One thing that can be helpful when answering this question is to talk about how you understand or approach change. There will always be change, and this question asks about how you manage it. I like to ask questions about why things are changing, the impacts, and the time frame in which the change operates. Does this work impact future or current work? If I know why a change is happening, I can let others on my team know, or I can make relatively timebound plans based on those changes.
It’s also worthwhile bringing up your own experiences regarding the change. If you have a lot of experiences where shifting priorities was not a good thing, talk about how you’ve learned from that experiences. I’ve worked with fortune 500 enterprise companies that changed priorities after the team had gotten approval and started working. A stakeholder, a director, or a CEO could ask to stop the project, and the team could stop right before meeting a deadline. One week later the same stakeholder could ask them to start the project back up with one less week to complete the project. Getting to a good stopping place or reiterating work in progress could have prevented frustrations across the team. You could be acknowledging something that wasn’t considered beforehand, and this could save a lot of time and effort. These kinds of turning points don’t happen without conversation, and individuals that communicate well are invaluable to teams that will inevitably experience change.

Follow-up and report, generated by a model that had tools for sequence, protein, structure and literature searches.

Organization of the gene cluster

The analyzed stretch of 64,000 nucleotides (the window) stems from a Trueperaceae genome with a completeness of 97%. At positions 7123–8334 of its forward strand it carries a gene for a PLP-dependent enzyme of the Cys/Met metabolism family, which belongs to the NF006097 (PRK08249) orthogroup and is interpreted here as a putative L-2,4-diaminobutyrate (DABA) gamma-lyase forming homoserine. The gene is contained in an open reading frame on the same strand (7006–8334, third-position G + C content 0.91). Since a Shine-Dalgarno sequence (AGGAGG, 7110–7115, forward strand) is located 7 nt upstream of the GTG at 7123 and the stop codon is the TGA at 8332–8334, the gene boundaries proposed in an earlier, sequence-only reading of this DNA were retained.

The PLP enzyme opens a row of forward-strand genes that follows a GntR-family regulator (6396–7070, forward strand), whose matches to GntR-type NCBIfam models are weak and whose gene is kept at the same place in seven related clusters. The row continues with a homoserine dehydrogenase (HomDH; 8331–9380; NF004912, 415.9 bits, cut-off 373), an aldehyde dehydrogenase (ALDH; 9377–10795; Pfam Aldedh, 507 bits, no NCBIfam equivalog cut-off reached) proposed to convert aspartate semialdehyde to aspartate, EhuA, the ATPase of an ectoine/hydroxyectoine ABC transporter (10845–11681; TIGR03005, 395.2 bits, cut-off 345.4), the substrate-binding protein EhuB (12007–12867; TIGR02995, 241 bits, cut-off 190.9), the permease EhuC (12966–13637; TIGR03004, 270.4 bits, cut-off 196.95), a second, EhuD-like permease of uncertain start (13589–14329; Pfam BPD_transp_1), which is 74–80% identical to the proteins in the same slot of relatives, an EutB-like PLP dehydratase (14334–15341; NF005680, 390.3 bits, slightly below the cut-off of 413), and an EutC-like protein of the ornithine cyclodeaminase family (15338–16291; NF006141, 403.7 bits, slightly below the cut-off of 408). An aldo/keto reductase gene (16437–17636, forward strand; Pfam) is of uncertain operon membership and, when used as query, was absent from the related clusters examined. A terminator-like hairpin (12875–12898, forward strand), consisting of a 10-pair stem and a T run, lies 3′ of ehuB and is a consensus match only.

6. Describe a time when you’ve made a mistake. How did you deal with the consequences and what lessons did you learn?
This question could also be asked as an invitation to describe a difficult learning process, product failure, or outage (these last two are usually for more senior level roles, so don’t worry if you don’t have the experience to share. For those situations where an interviewer asks you for an experience, you don’t have, be honest, and admit you don’t have that specific experience they’re looking for, but you can share how you would handle the situation hypothetically). Any of these questions can be answered with the STAR method.
This is your chance to also shine in how you’ve changed your viewpoint following your experience. Below is an example of how I moved from being a yes-man to a leader unlike anyone else at the companies I work at.
“I made a mistake when I first became a manager. I wanted to get everything right, so I would ask anyone and everyone for some advice. If someone suggested reading material or approaches I would follow them all the time. Even when I struggled to process the different approaches and advice I was getting. I quickly learned, however, that I was hired here for a reason and that I needed to focus on getting it right with my team, it’s not just about being right. Since then, I’ve done more to be authentic and choose actions that align with me based on my own observations and insights. I don’t second guess that because I trust myself to be someone who is responsible for my team’s success. It’s led to also being more experimental these days and creating new processes that work better for my team and our work and also introducing new and fun activities that hadn’t existed before.”